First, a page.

Standing Out in the Crowd: The Key Media Assets Clients Need

We’re living in a time when the news cycle is busier and moving faster than ever before. This means it’s becoming harder and harder to secure interest with the typical vertical technology pitch or trend jack with a canned quote. It’s especially true when looking at vertical markets like healthcare, where rising above the sea of COVID-19 stories can sometimes feel impossible. To stand out, there are a number of assets you can utilize to grab the attention of busy reporters, some of which I’ve outlined below. 

Customer Case Studies 

The number of vendors within any given vertical market is growing exponentially, while the number of reporters covering said vertical continues to shrink. A great way to reach key media is to highlight a customer story that reflects the challenges faced in the industry as a whole and how your client’s technology helps solve them.  

When identifying the right customer to utilize, size or brand recognition isn’t necessarily as important as the story itself. Reporters look for stories relevant to a wider audience by addressing a challenge that many companies within the industry face and find value in the story. They also look for feel-good stories that draw the attention of a wider consumer audience, like a recent story we secured for an AdTech client that helped with a fundraising event for children with cancer and other serious illnesses.  

However, to truly stand out, there needs to be concrete ROI information to support the level of success they’re claiming to have achieved. This includes either percentages or hard numbers about revenue, customer retention and conversion rates, among others. Using the same article as an example, the fundraising increase was highlighted at the very beginning of the story: “The virtual, nation-wide Million Reasons Run exceeded funding expectations by 129% due to a nimble, digital-first and data-fuelled effort.” 

Survey and Industry Report Data 

If you’ve worked in PR long enough, you know that solid report or survey data can be a huge asset for media engagement. Not all data are created equal in the minds of reporters, though, and what’s compelling to one reporter will not be to another. That’s where publication and reporter research comes in. Some higher-tier publications have requirements on the number of respondents to make a legitimate report, while others care less about that and more about the titles, industries or company sizes of those who responded. This is especially true for vertical markets since the insights gained from the reports are not necessarily relevant in other markets.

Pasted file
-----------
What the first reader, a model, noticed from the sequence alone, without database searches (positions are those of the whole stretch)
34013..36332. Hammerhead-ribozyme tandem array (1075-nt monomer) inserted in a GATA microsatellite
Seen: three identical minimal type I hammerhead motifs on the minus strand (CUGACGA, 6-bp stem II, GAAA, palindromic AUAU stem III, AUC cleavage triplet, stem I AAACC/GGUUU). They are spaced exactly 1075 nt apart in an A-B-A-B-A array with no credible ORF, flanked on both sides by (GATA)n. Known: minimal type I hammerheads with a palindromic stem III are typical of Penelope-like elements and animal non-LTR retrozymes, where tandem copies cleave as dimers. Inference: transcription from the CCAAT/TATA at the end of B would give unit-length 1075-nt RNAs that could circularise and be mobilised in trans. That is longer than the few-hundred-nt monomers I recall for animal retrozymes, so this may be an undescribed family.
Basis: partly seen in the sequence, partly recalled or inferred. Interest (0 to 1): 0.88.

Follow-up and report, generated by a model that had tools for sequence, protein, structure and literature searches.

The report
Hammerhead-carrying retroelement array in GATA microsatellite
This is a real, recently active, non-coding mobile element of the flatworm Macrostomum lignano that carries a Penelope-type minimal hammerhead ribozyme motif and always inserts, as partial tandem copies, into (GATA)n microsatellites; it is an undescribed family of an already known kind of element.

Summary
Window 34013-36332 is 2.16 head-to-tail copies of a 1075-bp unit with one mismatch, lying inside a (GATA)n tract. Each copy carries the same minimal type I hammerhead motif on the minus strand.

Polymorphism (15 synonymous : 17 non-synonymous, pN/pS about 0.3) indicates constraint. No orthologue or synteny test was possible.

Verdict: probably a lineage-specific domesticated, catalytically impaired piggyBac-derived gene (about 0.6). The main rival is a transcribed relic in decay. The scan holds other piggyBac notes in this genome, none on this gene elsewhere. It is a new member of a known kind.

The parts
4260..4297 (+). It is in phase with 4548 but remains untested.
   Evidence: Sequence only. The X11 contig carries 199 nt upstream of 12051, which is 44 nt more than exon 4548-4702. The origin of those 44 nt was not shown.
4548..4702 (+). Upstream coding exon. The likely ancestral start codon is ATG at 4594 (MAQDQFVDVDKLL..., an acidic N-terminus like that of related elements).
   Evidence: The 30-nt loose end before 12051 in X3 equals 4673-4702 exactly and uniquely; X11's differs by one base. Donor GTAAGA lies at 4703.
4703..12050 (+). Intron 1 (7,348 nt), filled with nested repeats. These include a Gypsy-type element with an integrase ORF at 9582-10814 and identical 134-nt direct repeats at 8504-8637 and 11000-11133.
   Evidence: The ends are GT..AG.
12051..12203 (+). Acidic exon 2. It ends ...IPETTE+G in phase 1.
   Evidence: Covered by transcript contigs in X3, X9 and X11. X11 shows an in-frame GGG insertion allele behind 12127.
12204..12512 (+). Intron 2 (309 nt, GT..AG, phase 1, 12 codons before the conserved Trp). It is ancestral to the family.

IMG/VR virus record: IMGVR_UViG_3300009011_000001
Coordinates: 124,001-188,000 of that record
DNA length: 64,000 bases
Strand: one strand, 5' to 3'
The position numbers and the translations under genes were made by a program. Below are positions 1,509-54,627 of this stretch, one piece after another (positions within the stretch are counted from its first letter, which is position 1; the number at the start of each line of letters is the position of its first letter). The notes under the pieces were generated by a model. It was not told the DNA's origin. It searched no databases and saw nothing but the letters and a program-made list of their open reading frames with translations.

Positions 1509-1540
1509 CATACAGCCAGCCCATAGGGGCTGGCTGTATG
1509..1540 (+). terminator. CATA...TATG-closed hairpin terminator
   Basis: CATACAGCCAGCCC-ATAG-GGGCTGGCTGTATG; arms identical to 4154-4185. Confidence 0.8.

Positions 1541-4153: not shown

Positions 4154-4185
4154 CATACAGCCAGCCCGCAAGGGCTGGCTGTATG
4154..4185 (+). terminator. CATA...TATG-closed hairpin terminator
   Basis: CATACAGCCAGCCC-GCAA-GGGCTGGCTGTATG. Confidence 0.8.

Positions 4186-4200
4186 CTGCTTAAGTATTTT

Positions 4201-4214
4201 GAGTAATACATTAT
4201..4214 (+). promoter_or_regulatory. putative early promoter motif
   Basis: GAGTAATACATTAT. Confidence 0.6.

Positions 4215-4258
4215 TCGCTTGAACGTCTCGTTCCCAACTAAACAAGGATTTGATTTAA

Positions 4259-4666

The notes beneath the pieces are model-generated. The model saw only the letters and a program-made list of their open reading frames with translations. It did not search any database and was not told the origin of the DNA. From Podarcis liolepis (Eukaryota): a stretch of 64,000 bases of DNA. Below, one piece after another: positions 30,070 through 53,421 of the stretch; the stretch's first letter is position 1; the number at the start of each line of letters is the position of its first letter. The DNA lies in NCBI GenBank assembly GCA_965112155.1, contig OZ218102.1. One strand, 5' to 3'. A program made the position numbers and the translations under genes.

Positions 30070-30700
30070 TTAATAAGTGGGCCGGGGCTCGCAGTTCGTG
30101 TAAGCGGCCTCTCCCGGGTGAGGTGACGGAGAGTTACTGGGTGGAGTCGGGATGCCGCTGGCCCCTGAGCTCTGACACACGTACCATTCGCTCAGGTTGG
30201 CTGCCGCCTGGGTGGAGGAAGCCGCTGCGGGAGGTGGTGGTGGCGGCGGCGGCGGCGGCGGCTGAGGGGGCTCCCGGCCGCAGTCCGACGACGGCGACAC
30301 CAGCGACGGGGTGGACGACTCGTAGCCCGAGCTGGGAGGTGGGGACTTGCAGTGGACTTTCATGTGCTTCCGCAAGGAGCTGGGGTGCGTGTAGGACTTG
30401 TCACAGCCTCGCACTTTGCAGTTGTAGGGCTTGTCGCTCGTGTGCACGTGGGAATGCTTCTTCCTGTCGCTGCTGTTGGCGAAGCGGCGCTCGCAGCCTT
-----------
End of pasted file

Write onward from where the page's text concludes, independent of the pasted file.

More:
Once the sample size and demographic preferences are sorted, the next — and somewhat obvious —  factor is how compelling the findings are. Unfortunately, this is largely outside of our control as PR professionals. Sometimes clients seek help from us to craft questions and steer the direction prior to fielding responses, other times they will let you know a report is already underway and you’re left to work with what you’re given. In our experience, the most successful data points are those that can create an attention-grabbing headline, whether it’s a consumer anecdote  or something money-related for a business audience. An example of the latter is a report IQVIA Institute released on global medicine spending, which received 11 pieces of tier-one coverage such as this piece in Reuters 

Tailored Expert Commentary 

Oftentimes, there is nothing better than utilizing existing content — it saves both your client’s time and yours, but that approach is best left for contributed articles in vertical publications, reporter Q&As, speaking submissions and the like. Especially true for trend-jacking opportunities, reporters have a keen sense of what is genuine insight and what has been pre-drafted and overshared. This means you must take the extra time to craft very pointed questions for your client to respond to get unique insight based on their industry and life experience.  

 Sometimes, securing the win also means using a spokesperson that’s lower on the company’s food chain (i.e. not the C-suite) but has the most applicable experience, such as the researchers, developers, and other subject matter experts. At the end of the day, a reporter cares more about the quality of the insight and less about the rank of the person providing it. 

 As you may see, a common thread in utilizing the above assets is the ability to steer away from the vendor-only approach. That’s not to say your client won’t get their credit when the final piece appears, but reporters are moving further away from product-specific stories and more towards industry-relevant stories. Regardless of how you get there, being able to produce a diverse set of assets for reporters will yield the results they’re looking for. 

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